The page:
It’s a simple blend. It’s all Nicaraguan and has a Jalapa Colorado shade wrapper. The binder is Esteli and the filler is one-third Esteli Ligero and one-third from Jalapa Ligero and one-third Jalapa. It turned out to be the cigar that I love to smoke, and it turns out that it’s my own brand. I’m super excited. I’ve always wanted my own cigar. I didn’t know when and where it would happen. I’m grateful for everybody that helped me out along the way. Looking forward to grow the brand.
Patrick, you had a cigar under Rocky Patel. Is that the same cigar or is there another one?
This is the same exact cigar. This started out as a private label for a company in Maryland and now it’s a nationwide brand. I left Rocky and I started Vivalo Cigars.
Harris, I know you’re smoking one of Patrick’s cigars, too. What do you have?
I’m smoking the Robusto size of the Vivalo, same blend that Patrick has mentioned, but in the Robusto size.
What does it taste like?
I can taste the Ligero. It has a little bit of spice to it, but very smooth and medium flavored to me.
Patrick, is that how you envisioned the medium body cigar to smoke? I’m getting more complex in my cigar smoking myself. Something that’s a little overwhelming where I get nicotine sweats is not my bag.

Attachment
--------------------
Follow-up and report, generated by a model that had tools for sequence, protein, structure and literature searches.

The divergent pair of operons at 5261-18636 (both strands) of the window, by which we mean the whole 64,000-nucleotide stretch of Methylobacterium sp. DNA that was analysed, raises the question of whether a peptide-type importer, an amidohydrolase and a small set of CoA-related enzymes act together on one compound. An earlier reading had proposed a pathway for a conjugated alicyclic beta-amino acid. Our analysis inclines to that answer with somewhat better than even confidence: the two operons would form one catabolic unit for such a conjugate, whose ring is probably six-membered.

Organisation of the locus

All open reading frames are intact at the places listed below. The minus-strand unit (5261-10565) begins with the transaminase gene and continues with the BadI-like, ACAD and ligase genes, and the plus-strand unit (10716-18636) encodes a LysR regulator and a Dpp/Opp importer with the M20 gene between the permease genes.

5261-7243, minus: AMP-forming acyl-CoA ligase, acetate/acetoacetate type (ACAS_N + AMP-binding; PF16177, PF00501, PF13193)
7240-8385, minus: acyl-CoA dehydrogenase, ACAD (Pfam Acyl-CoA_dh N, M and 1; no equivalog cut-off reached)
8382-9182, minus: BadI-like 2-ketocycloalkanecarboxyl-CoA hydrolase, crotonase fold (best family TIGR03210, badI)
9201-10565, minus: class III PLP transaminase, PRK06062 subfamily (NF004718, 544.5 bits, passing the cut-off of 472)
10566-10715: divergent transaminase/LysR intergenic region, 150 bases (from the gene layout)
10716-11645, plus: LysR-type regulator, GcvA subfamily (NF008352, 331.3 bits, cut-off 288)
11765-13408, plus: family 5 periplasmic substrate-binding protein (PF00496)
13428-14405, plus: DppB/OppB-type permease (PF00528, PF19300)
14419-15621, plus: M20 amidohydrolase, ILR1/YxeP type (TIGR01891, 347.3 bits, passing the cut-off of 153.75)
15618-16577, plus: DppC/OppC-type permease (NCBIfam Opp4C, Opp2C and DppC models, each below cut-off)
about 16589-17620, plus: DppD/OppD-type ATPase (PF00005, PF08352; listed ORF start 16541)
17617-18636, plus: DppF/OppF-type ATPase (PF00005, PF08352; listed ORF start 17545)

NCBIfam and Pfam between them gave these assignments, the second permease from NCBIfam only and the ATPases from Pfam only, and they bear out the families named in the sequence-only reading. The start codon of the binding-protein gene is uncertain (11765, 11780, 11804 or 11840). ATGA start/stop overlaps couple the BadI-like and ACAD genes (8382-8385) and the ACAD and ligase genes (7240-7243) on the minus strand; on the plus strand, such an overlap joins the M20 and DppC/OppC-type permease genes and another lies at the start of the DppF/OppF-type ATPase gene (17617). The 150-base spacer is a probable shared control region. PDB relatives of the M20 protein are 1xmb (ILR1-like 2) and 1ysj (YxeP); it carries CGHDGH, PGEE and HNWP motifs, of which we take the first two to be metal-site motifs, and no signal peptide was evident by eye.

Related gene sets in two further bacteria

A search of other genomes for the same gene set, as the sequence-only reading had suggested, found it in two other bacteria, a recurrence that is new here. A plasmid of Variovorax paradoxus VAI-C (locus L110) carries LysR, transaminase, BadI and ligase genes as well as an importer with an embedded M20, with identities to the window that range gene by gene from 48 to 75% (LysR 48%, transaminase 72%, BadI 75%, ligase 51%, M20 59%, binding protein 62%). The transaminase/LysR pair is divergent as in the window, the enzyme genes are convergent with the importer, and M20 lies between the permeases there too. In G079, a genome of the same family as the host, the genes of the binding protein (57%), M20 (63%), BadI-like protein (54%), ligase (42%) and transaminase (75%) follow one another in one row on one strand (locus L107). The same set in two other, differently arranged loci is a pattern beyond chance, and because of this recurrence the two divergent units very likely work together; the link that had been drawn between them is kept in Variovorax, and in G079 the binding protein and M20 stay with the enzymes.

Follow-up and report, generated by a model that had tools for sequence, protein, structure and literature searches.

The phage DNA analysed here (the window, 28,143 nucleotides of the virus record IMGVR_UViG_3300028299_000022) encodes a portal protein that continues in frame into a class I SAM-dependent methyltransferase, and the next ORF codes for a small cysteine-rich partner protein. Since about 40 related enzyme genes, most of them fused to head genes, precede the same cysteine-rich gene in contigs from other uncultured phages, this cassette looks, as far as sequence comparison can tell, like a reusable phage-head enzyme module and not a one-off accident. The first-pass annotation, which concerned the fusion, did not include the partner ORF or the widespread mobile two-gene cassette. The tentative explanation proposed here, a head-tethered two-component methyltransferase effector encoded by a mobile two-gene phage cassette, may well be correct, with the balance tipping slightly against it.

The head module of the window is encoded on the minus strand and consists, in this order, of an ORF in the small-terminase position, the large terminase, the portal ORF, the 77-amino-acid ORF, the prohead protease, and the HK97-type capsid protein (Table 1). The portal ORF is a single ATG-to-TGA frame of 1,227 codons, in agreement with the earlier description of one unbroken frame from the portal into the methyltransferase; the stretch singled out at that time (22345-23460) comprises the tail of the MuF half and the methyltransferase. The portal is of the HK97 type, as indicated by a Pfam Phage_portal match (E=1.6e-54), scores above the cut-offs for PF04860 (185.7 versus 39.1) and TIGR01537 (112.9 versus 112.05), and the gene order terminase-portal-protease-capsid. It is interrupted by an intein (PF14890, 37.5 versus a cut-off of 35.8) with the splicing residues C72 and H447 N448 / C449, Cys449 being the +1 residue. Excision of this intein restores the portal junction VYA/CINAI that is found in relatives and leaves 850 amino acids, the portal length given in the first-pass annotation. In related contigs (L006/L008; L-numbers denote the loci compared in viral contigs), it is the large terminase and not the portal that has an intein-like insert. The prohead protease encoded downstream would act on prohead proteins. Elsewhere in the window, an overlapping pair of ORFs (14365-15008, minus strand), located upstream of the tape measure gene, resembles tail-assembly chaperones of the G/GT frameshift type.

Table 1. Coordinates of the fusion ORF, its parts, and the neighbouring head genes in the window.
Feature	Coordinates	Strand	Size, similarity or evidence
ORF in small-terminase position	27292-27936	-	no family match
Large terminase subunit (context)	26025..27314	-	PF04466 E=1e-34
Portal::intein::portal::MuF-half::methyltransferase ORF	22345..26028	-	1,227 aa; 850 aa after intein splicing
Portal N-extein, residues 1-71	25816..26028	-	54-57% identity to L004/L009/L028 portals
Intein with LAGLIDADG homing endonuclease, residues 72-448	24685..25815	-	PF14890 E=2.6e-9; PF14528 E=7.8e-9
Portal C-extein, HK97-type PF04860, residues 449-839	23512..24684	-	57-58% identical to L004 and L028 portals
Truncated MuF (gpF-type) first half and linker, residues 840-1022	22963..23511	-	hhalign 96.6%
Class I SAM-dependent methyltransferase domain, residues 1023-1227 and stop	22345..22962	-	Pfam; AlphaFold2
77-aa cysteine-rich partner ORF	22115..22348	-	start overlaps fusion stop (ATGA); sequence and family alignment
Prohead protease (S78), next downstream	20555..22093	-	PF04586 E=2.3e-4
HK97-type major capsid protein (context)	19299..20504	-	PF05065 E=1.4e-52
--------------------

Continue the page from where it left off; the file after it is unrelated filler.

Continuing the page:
I’m glad you asked me that question because I have five sizes in the Vivalo Serie Exclusivo. I’ve been smoking cigars for nearly eighteen years. I’ve been in the cigar business for nearly eighteen years and what I’ve come across is it’s not good, it’s not bad, it’s not indifferent where you have a line of cigars from company X and they might have four, five, six different sizes anything from a Lancero all the way up to your 6x60s. Generally, the bigger you get, you tend to lose the finesse and the flavor because of the larger ring gauge. What I did differently is I tweaked the ratio of filler. While keeping the core flavors, I wanted each cigar to have a little nuance. The smaller ring gauges on Belicoso and Robusto.
I went heavier on Jalapa Ligero, which gives you a little bit of spice, not as much as Esteli, but it gives you that nice earthy, sweetness. On the bigger ring gauges with the Robusto Grande and the Gordo, I went heavier on the Esteli Ligero. The bigger you go, the spicier or you get. When you walk into a cigar shop and you see my cigars on the shelf, generally people are like, “What size do you like?” In this instance, it’s like, “What profile do you like? Do you like a spicier cigar or do you like a little more of a sweeter cigar?” From what I’ve heard from the shops that have carried the cigar so far, the guys had smoked a 6×60 or bigger, they were intrigued that there was so much flavor in the 6×60. Once I explained to them how I tweaked the ratio of the filler it made sense for them.